Learning to draw changed my life

As a student at Jacob Kramer College of Art in Leeds, we had a most intimidating life drawing tutor in Laimonis Mierins. Cutting an intimidating figure dressed in black with silver hair, Lem would scare, bully, cajole and coax his students to be brave. If we didn’t take drawing seriously, he’d threaten us all with a tommy gun that was left over booty from the Second World War. Yes, he really did.

He started us off using pencil; soft and forgiving, then charcoal; sooty and pliable, but graduated—slowly, mind—to using the most unforgiving of media: pen.  One of the toughest mediums to draw with, ink is the ultimate in mark-making; no room for error, but what errors you make have to be incorporated and believable.

In this era of Instagram gratification, I still like the discipline of looking hard, committing and interpreting life into line. This drawing of the train station in Porto took a bit of time, gave me a few scares but rewarded my fragile patience, every detail burnt into the memory.

I worked with one of our designers at Turn Key, Brian, to add another dimension to the drawing by adding colour digitally. I gave him free reign to interpret the drawing how he saw fit. There’s two versions here, one without the lifework and one with it. I love each equally, the abstract one works for me as the artist who drew it, the lifework inserted in my imagination. The line and colour version works best for people who’ve not seen the original I think.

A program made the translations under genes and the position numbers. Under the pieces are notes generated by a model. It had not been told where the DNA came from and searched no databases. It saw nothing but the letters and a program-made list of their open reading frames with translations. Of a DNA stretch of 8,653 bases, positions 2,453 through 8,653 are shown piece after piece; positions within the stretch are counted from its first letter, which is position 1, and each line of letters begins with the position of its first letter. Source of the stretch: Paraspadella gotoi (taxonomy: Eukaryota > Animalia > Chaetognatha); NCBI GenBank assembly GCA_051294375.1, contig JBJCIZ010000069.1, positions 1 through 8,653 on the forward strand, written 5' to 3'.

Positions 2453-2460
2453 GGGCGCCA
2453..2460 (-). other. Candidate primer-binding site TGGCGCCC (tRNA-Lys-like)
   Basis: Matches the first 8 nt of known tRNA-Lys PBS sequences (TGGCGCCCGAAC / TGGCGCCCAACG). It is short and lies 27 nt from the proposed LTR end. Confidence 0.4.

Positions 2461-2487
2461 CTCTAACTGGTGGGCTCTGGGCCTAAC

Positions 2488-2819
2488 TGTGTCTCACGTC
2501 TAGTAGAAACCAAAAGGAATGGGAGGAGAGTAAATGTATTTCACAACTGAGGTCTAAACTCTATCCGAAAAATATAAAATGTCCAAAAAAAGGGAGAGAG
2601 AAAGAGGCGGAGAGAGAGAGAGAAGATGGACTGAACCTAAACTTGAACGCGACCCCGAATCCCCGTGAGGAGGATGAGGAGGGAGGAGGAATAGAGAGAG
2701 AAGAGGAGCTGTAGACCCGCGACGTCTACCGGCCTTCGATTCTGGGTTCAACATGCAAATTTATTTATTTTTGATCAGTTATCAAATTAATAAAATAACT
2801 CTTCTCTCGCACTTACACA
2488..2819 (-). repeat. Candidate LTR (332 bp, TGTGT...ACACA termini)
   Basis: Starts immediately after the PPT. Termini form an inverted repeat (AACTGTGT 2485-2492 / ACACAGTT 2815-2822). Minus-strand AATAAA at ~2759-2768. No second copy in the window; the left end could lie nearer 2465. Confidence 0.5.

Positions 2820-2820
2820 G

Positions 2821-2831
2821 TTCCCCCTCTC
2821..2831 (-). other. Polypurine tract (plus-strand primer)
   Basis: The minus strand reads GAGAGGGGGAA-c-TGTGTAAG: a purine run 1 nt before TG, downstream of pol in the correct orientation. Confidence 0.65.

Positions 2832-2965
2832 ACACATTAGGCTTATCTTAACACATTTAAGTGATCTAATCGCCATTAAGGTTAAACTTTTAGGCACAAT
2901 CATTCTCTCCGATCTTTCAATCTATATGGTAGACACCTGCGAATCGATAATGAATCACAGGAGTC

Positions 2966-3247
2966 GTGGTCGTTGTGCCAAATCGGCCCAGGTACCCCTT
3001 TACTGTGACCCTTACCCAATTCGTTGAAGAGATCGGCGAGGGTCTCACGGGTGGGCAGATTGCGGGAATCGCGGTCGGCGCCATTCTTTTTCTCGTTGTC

The image was submitted to an exhibition of other designer works to celebrate 30 years of Thompson Brand Partners. I was particularly pleased how the drawing skills I learnt all those years ago could still deliver in an engaging and contemporary way.

Lem would be proud I think.

 

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Letraset Action Transfers

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You know when you see something and you’re instantly transferred to another time?

Yeah, that thing.

Rub down transfers (those of you who are young please bear with me) took many form over the years. Professional lettering, decals on models and the long-lost art of panorama rub down transfers. It sounds the most bonkers idea in the world but as kids we would get these sets of pre printed background onto which we would creatively apply transfers.

I know, mental.

All of our favourite characters were drafted into action: Captain Scarlet, Thunderbirds, Tarzan, Planet of the Apes, Space:1999 or Star Trek. Mundane commercial art-based backgrounds were provided on a fold out piece of card and it was our job to carefully apply transfers on to the background. This was fraught with difficulty of course. If you used a pencil that was too sharp it created an indent in the plastic that would result in a broken ape arm or a displaced phaser. Over time we cultivated rounded, blunt pencils that transferred the image flawlessly on to the backdrop careful not to ruin the gold dusted, magical transfer.